As we enter the 10th year of Guantanamo's existence, the likelihood of its closing becomes more and more remote despite the Obama Administration's promise to close the prison two year ago. The Executive Branch is poised to formalize the practice of indefinite detention for 48 of the 173 men remaining at Guantanamo and the Legislature has barred the transfer of prisoners to the U.S. for criminal trials. Habeas Corpus – the notion that one cannot be arbitrarily arrested and held without formal charge or trial – is, too many, the philosophical bedrock for modern democracy and the United States' blatant disregard for it threatens the very liberty and freedom it seeks to uphold in the “War on Terror.”
So why does Witness Against Torture return to Washington, D.C. to fast and vigil for two weeks? Where is the hope? Are not our actions pointless, full of folly? Our detractors will definitely say so. Over and over the politicos and the generals tell us the political climate is not right for the closing of Guantanamo. Yet we still show up. We witness. We fast. We protest. We vigil and leaflet and lobby. We will resist and keep showing up – getting in the way – until that prison, and all other prisons like it, are closed. We show up because it gives us hope that another way is possible. That we can, indeed, live in a world without torture. We show up because it gives a small semblance of hope to the men in Guantanamo that they have not been forgotten; that justice has not yet been totally shirked, even in spite of all the grisly appearances of Decision Points and juridical opinions.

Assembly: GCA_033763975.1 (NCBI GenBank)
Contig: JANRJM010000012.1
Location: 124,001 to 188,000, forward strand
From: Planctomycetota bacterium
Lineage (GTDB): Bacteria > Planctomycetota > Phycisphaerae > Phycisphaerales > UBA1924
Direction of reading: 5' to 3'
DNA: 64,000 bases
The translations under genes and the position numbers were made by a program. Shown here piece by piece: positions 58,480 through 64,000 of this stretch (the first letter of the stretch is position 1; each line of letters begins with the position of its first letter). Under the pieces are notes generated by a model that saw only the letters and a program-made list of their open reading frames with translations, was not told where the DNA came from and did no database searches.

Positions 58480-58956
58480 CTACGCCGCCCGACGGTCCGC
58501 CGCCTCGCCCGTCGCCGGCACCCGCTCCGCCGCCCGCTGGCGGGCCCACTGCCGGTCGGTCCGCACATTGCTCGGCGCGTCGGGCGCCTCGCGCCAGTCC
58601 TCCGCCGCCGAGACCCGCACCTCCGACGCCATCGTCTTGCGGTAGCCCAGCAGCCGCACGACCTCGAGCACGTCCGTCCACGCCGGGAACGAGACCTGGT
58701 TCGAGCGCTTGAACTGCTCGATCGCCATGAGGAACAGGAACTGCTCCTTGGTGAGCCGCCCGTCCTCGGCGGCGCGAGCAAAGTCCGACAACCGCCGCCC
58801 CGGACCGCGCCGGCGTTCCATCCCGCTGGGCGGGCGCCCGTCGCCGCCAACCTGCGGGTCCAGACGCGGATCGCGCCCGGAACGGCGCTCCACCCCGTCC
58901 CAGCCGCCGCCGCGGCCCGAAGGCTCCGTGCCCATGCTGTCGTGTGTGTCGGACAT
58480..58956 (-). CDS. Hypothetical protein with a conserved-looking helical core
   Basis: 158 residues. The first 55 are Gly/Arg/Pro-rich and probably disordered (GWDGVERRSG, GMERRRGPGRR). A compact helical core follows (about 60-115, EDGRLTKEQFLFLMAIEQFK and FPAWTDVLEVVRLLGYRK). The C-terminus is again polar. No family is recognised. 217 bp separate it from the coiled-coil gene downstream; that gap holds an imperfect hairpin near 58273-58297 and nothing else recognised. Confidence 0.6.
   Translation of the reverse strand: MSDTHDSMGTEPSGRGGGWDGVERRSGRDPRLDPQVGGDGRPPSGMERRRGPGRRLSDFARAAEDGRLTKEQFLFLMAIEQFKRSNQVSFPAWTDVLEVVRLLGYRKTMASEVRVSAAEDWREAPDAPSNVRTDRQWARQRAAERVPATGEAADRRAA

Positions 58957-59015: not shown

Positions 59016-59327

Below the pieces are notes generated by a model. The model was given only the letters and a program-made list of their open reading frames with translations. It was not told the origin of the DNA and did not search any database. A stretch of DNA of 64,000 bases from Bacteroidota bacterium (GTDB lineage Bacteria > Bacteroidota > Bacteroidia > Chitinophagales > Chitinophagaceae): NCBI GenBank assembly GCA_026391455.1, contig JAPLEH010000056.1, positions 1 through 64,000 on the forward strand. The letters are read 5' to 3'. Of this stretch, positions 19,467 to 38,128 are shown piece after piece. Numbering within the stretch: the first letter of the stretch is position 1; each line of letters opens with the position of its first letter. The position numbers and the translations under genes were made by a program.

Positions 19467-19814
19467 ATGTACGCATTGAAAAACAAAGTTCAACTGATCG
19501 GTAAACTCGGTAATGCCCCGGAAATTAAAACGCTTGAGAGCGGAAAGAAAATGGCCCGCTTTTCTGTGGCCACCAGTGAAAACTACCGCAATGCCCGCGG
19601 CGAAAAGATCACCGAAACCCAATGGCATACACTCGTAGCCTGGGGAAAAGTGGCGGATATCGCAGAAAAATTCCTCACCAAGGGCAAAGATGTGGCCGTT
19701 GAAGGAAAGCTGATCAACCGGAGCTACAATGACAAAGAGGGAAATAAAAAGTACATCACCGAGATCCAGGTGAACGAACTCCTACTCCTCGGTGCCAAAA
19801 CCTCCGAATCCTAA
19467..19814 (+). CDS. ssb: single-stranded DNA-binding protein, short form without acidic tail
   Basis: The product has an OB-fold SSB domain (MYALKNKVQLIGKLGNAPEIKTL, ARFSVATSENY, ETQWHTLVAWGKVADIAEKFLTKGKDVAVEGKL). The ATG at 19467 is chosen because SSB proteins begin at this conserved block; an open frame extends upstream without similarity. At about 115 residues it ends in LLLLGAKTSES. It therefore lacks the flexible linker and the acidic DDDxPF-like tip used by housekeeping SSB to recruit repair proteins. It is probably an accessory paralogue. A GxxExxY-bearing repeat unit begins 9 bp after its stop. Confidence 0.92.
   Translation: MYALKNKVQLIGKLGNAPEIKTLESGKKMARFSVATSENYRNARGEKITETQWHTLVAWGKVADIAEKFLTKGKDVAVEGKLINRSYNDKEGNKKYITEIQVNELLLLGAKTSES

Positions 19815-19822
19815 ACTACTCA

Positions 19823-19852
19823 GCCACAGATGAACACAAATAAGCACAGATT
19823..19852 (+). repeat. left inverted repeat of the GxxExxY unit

I hope, that in this small act of solidarity and sacrifice, that my fast may be a prayer and witness to the end of torture and the restoration of human rights, dignity and common good. The groaning hunger pains and a tired body is a small price to pay when communities of faith and conscience come together to resist the evils of imperial torture. May our fast give hope to our own meager hopelessness and bear witness to the covenant that calls us to love our enemies and "to open eyes that are blind, to free captives from prison and to release from the dungeon those who sit in darkness" (Is 42:7).